[Spellyans] The quantity system

Craig Weatherhill weatherhill at freenet.co.uk
Tue Jun 24 16:02:41 IST 2008


There have to be:  in verbs such as <destria> and <fria>, the 
pronunciation (stressed) is "ee-uh" whereas in clappya, ponya, merkya, 
etc., it is "ya" (unstressed).

Craig


Jon Mills wrote:
> Are there two different diphthongs in Cornish then /ia/ and /ya/?
> Jon
>
>   
>> ----- Original Message -----
>> From: "A. J. Trim" <ajtrim at msn.com>
>> To: "Standard Cornish discussion list" <spellyans at kernowek.net>
>> Subject: Re: [Spellyans] The quantity system
>> Date: Tue, 24 Jun 2008 14:43:13 +0100
>>
>>
>> Yes, rial would be better than ryal ... (unless we are saying that the y is
>> short, and the stress is on the second syllable.)
>>
>> Regards,
>>
>> Andrew J. Trim
>>
>>
>>
>> --------------------------------------------------
>> From: "Craig Weatherhill" <weatherhill at freenet.co.uk>
>> Sent: Tuesday, June 24, 2008 2:13 PM
>> To: "Standard Cornish discussion list" <spellyans at kernowek.net>
>> Subject: Re: [Spellyans] The quantity system
>>
>>     
>>> The SWF is inconsistent in the values of <y> and <i>.  Yes, we have
>>> <gwynn/gwydn> where the vowel is short in both but the geminate is there
>>> to show that preocclusion occurs, BUT we have words like <ryal> "regal,
>>> royal" where the vowel is most definitely long.  So, why isn't it <rial>?
>>>
>>> Surely it would be far simpler, and easier for learners, to have <y>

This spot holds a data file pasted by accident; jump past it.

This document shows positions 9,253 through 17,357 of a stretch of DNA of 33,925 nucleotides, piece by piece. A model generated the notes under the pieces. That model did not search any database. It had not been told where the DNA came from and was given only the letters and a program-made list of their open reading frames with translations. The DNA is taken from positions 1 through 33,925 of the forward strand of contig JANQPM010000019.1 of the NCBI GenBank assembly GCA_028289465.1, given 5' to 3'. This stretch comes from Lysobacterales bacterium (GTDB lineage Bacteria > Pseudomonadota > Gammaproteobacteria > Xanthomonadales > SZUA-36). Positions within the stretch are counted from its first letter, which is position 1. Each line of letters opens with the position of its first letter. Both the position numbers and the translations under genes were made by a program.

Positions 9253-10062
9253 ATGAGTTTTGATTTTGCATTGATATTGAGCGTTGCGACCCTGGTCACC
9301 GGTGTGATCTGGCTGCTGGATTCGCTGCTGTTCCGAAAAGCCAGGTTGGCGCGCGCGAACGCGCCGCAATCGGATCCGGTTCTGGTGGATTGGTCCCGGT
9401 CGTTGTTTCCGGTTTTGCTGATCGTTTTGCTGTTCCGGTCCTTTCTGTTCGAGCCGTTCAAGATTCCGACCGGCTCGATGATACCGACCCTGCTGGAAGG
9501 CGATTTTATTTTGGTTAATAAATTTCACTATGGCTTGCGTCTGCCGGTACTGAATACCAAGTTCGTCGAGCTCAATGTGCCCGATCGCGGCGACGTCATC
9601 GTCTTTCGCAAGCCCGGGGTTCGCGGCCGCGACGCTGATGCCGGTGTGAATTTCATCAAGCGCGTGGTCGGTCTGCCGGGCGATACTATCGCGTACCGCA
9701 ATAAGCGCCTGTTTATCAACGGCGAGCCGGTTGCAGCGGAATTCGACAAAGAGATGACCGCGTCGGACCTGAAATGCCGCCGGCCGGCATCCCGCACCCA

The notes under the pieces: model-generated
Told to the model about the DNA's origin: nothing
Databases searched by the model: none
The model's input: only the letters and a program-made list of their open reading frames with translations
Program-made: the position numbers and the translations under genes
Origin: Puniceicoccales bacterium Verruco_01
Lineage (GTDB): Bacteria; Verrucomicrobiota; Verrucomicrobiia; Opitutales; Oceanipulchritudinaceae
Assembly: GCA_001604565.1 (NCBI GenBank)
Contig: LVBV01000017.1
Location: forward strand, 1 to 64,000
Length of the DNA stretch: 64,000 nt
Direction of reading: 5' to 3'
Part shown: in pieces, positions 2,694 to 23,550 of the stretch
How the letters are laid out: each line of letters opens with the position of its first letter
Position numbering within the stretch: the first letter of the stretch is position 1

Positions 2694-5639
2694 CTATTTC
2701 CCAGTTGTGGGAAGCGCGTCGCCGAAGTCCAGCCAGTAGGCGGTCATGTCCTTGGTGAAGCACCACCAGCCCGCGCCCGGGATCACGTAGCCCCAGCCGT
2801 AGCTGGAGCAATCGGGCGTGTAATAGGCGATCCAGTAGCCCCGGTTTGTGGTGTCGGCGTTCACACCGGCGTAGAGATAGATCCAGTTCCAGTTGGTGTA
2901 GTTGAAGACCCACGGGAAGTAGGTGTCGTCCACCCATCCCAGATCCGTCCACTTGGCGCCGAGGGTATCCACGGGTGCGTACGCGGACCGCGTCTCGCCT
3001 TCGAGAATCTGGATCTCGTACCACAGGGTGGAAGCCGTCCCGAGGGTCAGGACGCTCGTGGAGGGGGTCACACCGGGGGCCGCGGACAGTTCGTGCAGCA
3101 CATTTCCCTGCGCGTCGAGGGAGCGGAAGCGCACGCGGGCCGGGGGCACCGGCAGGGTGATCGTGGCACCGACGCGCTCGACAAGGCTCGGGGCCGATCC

>>> representing the short vowel (except for final position, as in <gwary>)
>>> and <i> representing the long.
>>>
>>> Craig
>>>
>>>
>>>
>>>
>>> A. J. Trim wrote:
>>>       
>>>> OK, so far - Simple, practical, not at odds with the evidence.
>>>>
>>>> Why does gwyll need to have two ls if y is always short?
>>>>
>>>>
>>>> Regards,
>>>>
>>>> Andrew J. Trim
>>>>
>>>>
>>>>
>>>> --------------------------------------------------
>>>> From: "Michael Everson" <everson at evertype.com>
>>>> Sent: Tuesday, June 24, 2008 10:59 AM
>>>> To: "Standard Cornish discussion list" <spellyans at kernowek.net>
>>>> Subject: Re: [Spellyans] The quantity system
>>>>
>>>>
>>>>         
>>>>> At 09:18 +0000 2008-06-24, Jon Mills wrote:
>>>>>
>>>>>           
>>>>>> Adherents of KK maintain that KK is easier to learn because it is
>>>>>> supposedly phonemic. However KK entails a phonology that, for most
>>>>>> learners is, in fact, difficult to achieve: 3 vowels lengths and
>>>>>> geminate consonants. As a result, KK is more difficult to learn than
>>>>>> the other forms of Cornish.
>>>>>>
>>>>>>             
>>>>> It would be easier if learners were Estonians. ;-)
>>>>>
>>>>>
>>>>>           
>>>>>> Actual realisations of vowel length do not neatly fit in to 2 or 3
>>>>>> lengths. For example, with regard to English, Trager and Smith
>>>>>> (1957) observed 5 different vowel lengths in the set, bit bid bin
>>>>>> hiss his. They write, "The vowel quality is in each case lower high
>>>>>> front unrounded: [I]. In bit there is the shortest vowel,in his the
>>>>>> longest for most speakers; bid and bin have fairly long vowels too
>>>>>> -- some speakers have the longest varieties here, sometimes even
>>>>>> with a drawling off-glide effect; in hiss the vowel is longer than
>>>>>> in bit, but considerably shorter than in his or bid; in bin there is